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Long Island

Cesspools in NY state parks to be closed, officials say

Sunken Meadow State Park, seen here Dec. 21,

Sunken Meadow State Park, seen here Dec. 21, 2016, is one of several state parks on Long Island that have been alleged to be in violation of the Safe Drinking Water Act. Photo Credit: Johnny Milano

Cesspools in New York State parks, including 36 on Long Island, will be closed by 2019, 14 years after a federal deadline, prosecutors and regulators said Wednesday.

New York State agreed to the closures and a $150,000 civil penalty in a consent decree filed the same day it was sued by the U.S. attorney for the Eastern District and the Environmental Protection Agency.

“Public parks and water pollution don’t go together,” said EPA Regional Administrator Judith A. Enck.

The state Office of Parks, Recreation and Historic Preservation now has a total of 54 illegal cesspools.

All should have been shut in 2005 because they violate the Safe Drinking Water Act, Enck and Robert L. Capers, the federal prosecutor, said in a joint statement.

The shutdowns will cost about $8.8 million; more than $1 million will be spent on extra steps at seven parks in Suffolk County.

Cesspools leak nitrogen, mainly produced by people, into the groundwater. This has caused toxic algae blooms in Long Island’s waterways since 1985.

Environmentalists blame nitrogen for the Island’s water crisis, especially in Suffolk, where 70 percent of the homes are not tied to sewers.

State parks in Suffolk have all but three of the Island’s banned cesspools.

The parks department said it investigated all its parks in 2013 after the Peconic Baykeeper sued it for violating sewage discharge regulations. Court records show an ongoing lawsuit; another action against Stony Brook University was dismissed.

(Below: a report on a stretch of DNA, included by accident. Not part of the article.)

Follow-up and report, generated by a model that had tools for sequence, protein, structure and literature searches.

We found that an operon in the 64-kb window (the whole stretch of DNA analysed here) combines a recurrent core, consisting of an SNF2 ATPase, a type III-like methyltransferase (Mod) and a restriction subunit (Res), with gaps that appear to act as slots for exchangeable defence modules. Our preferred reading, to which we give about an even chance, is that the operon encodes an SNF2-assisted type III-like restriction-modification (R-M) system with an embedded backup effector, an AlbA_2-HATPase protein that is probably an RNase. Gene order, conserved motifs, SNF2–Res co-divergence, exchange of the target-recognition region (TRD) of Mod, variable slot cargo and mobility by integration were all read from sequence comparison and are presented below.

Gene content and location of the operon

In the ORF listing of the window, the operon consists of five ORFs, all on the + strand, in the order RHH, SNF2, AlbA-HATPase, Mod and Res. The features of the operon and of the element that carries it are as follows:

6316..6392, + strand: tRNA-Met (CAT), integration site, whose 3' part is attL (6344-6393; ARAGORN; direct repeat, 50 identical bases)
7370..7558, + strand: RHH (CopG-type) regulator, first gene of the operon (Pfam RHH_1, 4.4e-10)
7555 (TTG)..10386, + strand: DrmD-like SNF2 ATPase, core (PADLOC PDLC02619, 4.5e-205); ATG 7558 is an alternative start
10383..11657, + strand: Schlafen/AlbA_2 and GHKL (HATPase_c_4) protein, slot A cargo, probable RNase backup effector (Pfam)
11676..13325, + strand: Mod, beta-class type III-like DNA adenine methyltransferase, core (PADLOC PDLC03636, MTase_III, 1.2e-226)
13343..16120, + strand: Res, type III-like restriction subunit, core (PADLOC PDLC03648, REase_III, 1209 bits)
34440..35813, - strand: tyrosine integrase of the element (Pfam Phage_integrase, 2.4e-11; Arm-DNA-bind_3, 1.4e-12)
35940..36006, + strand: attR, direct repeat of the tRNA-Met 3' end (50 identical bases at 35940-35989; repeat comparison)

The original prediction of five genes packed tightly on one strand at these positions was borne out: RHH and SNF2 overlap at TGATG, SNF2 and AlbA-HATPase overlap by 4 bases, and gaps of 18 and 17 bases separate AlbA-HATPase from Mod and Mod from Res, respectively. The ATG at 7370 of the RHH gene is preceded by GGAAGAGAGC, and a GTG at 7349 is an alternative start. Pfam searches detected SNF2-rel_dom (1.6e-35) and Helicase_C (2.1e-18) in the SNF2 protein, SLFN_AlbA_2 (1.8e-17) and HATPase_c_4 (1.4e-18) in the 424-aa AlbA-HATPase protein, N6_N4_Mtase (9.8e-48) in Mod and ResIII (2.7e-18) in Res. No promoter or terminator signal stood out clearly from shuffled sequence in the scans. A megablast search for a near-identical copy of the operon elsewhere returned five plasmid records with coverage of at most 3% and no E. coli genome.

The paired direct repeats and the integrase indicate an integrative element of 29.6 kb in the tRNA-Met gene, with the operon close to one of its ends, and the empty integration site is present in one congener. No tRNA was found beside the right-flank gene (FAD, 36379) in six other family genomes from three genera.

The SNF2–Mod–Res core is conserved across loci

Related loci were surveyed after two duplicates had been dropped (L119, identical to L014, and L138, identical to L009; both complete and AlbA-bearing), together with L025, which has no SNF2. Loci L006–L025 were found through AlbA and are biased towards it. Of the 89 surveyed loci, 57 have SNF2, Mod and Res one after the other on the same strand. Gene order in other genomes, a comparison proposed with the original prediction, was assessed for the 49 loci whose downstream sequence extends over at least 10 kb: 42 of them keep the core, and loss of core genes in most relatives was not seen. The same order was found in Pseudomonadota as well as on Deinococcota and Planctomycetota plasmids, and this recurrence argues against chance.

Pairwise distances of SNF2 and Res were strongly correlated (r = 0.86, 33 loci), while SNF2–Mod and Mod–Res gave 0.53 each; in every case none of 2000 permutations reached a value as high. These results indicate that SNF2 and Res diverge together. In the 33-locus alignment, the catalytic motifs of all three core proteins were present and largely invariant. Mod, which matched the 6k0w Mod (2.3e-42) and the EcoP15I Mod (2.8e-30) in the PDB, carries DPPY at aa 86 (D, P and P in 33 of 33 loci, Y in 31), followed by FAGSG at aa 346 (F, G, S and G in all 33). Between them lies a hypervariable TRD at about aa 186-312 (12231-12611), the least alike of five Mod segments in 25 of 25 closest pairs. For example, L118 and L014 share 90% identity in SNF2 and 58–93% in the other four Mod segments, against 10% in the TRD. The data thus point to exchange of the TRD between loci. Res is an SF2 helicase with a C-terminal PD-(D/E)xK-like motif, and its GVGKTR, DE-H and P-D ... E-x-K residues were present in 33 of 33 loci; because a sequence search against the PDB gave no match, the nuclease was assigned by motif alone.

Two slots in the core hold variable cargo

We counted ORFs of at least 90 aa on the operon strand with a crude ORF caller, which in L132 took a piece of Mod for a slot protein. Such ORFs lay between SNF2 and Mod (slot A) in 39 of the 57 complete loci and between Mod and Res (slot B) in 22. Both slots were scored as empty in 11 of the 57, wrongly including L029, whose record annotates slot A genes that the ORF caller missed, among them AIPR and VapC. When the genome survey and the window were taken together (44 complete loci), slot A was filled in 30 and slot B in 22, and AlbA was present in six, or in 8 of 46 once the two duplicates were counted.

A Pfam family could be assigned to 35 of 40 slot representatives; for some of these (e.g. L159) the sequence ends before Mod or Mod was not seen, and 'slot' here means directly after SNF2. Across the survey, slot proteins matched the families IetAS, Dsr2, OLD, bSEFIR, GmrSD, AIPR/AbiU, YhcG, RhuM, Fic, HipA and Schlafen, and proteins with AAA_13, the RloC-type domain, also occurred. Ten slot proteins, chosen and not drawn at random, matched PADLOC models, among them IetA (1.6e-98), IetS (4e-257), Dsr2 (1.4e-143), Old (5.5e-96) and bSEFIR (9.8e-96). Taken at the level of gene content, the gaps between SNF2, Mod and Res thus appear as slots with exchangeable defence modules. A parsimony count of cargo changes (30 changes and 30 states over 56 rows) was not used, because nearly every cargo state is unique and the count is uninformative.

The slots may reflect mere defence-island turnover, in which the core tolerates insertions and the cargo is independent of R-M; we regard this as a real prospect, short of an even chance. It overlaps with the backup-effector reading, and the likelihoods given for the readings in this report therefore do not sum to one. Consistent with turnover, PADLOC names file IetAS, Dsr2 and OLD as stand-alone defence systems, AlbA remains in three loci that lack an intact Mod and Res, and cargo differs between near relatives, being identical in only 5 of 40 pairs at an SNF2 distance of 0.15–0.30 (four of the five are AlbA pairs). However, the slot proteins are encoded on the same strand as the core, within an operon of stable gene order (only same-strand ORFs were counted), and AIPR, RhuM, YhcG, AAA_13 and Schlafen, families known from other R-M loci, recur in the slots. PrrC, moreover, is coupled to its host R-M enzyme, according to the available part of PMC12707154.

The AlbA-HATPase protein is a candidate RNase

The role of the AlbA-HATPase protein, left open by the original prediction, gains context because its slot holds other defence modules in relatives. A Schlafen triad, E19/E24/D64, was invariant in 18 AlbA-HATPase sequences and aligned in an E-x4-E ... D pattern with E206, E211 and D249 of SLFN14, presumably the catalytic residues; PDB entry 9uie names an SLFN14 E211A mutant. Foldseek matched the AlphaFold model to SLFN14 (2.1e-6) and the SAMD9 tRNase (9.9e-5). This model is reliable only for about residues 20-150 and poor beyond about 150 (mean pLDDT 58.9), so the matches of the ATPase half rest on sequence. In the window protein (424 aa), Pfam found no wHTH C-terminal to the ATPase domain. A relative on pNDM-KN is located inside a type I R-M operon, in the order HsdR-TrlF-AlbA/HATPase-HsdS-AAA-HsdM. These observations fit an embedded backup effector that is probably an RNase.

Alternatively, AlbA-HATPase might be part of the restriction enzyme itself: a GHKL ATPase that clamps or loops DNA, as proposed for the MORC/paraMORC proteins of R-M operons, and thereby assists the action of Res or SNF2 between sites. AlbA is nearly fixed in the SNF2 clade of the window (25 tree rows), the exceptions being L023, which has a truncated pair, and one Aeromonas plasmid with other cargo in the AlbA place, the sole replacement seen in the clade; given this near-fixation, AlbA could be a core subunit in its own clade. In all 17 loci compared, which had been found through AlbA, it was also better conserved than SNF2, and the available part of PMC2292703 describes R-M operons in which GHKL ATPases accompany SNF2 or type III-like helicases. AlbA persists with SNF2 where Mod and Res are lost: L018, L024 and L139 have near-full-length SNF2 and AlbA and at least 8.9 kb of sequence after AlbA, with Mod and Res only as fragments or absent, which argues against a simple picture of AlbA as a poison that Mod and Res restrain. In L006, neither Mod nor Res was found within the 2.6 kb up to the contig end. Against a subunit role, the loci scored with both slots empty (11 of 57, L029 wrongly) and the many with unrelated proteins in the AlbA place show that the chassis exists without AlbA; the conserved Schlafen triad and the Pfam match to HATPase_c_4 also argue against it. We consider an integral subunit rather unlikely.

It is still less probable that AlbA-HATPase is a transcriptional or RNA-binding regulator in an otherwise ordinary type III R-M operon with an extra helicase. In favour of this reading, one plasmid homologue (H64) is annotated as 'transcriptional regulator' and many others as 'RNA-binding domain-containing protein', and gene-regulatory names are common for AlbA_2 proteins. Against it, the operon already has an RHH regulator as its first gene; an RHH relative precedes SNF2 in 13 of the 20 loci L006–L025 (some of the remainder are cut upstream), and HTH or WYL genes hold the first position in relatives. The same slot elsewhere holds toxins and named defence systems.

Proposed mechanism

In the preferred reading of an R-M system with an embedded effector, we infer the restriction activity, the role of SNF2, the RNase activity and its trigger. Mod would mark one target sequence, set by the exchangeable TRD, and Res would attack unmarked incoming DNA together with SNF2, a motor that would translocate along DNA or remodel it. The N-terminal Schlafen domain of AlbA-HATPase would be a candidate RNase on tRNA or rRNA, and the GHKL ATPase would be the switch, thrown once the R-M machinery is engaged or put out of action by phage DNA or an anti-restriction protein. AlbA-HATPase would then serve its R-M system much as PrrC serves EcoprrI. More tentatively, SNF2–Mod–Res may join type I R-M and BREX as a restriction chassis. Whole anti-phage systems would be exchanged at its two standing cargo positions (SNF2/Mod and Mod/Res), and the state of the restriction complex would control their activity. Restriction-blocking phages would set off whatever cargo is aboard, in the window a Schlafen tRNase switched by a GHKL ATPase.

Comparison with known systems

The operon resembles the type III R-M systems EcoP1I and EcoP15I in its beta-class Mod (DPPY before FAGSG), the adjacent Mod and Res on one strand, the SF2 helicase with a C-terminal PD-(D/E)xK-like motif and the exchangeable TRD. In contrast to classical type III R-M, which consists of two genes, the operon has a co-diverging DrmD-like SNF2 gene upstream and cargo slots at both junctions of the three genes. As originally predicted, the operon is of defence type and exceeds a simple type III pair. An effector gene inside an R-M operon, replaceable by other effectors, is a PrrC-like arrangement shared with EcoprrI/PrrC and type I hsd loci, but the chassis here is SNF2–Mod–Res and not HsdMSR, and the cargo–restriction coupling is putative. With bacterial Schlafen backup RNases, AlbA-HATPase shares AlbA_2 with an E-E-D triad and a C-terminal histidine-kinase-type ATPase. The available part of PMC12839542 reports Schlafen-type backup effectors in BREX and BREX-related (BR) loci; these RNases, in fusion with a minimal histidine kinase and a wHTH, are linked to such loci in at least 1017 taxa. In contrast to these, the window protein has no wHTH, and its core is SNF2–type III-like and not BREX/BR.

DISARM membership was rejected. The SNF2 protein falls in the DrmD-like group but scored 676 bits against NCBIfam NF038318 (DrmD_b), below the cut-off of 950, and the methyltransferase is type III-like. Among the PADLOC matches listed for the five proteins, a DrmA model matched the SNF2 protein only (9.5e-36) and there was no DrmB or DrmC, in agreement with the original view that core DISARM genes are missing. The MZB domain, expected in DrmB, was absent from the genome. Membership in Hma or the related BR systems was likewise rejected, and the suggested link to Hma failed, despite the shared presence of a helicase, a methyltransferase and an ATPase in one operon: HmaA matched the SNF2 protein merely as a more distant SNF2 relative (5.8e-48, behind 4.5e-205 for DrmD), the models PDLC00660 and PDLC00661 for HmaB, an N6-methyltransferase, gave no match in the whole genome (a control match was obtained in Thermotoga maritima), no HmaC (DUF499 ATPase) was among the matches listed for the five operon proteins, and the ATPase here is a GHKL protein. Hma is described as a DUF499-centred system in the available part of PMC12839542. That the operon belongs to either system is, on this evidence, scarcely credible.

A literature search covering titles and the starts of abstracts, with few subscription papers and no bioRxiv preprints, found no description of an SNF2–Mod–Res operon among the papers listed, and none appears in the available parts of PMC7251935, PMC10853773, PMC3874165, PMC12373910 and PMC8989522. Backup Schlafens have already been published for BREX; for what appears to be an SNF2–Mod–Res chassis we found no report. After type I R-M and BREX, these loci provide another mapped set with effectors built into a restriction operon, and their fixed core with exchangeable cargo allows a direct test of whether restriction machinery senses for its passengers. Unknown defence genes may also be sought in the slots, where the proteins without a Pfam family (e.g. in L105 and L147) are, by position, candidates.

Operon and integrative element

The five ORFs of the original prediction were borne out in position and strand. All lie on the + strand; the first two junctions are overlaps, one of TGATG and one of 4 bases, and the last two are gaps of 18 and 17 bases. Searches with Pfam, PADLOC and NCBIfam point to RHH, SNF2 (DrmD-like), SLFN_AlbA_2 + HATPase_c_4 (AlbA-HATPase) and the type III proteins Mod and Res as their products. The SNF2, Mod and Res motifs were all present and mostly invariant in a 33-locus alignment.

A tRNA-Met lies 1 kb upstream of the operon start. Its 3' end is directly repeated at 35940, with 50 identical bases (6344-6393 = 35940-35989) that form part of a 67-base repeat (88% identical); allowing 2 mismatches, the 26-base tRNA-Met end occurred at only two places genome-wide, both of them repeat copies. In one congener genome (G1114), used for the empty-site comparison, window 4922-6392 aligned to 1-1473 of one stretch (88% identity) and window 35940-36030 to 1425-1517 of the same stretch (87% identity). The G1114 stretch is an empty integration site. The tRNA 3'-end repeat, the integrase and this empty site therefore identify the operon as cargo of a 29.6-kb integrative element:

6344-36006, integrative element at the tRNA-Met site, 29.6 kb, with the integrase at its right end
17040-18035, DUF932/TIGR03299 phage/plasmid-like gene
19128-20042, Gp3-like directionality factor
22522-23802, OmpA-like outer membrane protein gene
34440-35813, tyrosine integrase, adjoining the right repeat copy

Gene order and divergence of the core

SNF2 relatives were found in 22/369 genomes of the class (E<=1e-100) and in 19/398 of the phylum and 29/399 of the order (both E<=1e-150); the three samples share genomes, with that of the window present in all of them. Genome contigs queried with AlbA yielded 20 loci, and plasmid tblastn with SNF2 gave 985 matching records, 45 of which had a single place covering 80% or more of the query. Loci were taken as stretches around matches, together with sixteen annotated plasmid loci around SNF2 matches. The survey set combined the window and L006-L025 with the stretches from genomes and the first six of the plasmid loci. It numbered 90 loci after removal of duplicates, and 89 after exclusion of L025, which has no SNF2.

The parks agency agreed to close only 24 of its 78 cesspools in a 2013 consent decree with the New York State Department of Environmental Conservation, the federal complaint said.

“The United States brought this action to remedy long-standing violations of the Safe Drinking Water Act and to protect New York’s drinking water from harmful nutrient pollution that poses a risk both to public health and the natural environment,” Capers said.

All of the Island state park cesspools sit atop the aquifer. All must be shut in 2018, a year earlier than in the rest of the state.

Only one Nassau park is affected: Planting Fields Arboretum in Oyster Bay.

The cesspools also lie in some of Suffolk’s most popular parks: Bayard Cutting Arboretum State Park in Great River, Bethpage State Park, Caleb Smith State Park Preserve in Smithtown, Connetquot River State Park Preserve in North Great River, Hither Hills State Park in Montauk, Montauk Downs State Park, Orient Beach State Park, and the Sag Harbor State Golf Course.

The parks agency said it had earmarked $15 million to correct the problems.

“State Parks worked aggressively to identify and upgrade outdated septic systems and have already completed upgrades at six state parks,” its statement said.

“There has been no evidence the systems led to any impact on drinking water or the environment,” the agency said.

Some of the extra nitrogen-combatting projects slated for Suffolk state parks include methods used in Europe since the 1990s, the federal complaint said.

Because urine is a primary source of nitrogen, Robert Moses State Park in Babylon, Sunken Meadow State Park in Kings Park, Wildwood State Park in Wading River and Caumsett State Historic Park in Lloyd Harbor, will get “separation systems” so that it is treated, not discharged into the ground.

Connetquot River State Park Preserve and Hallock State Park in Wading River will gain nitrogen-reducing alternative septic systems.

At Captree State Park in Babylon, an artificial wetland will be built, and storm-water systems will be improved.

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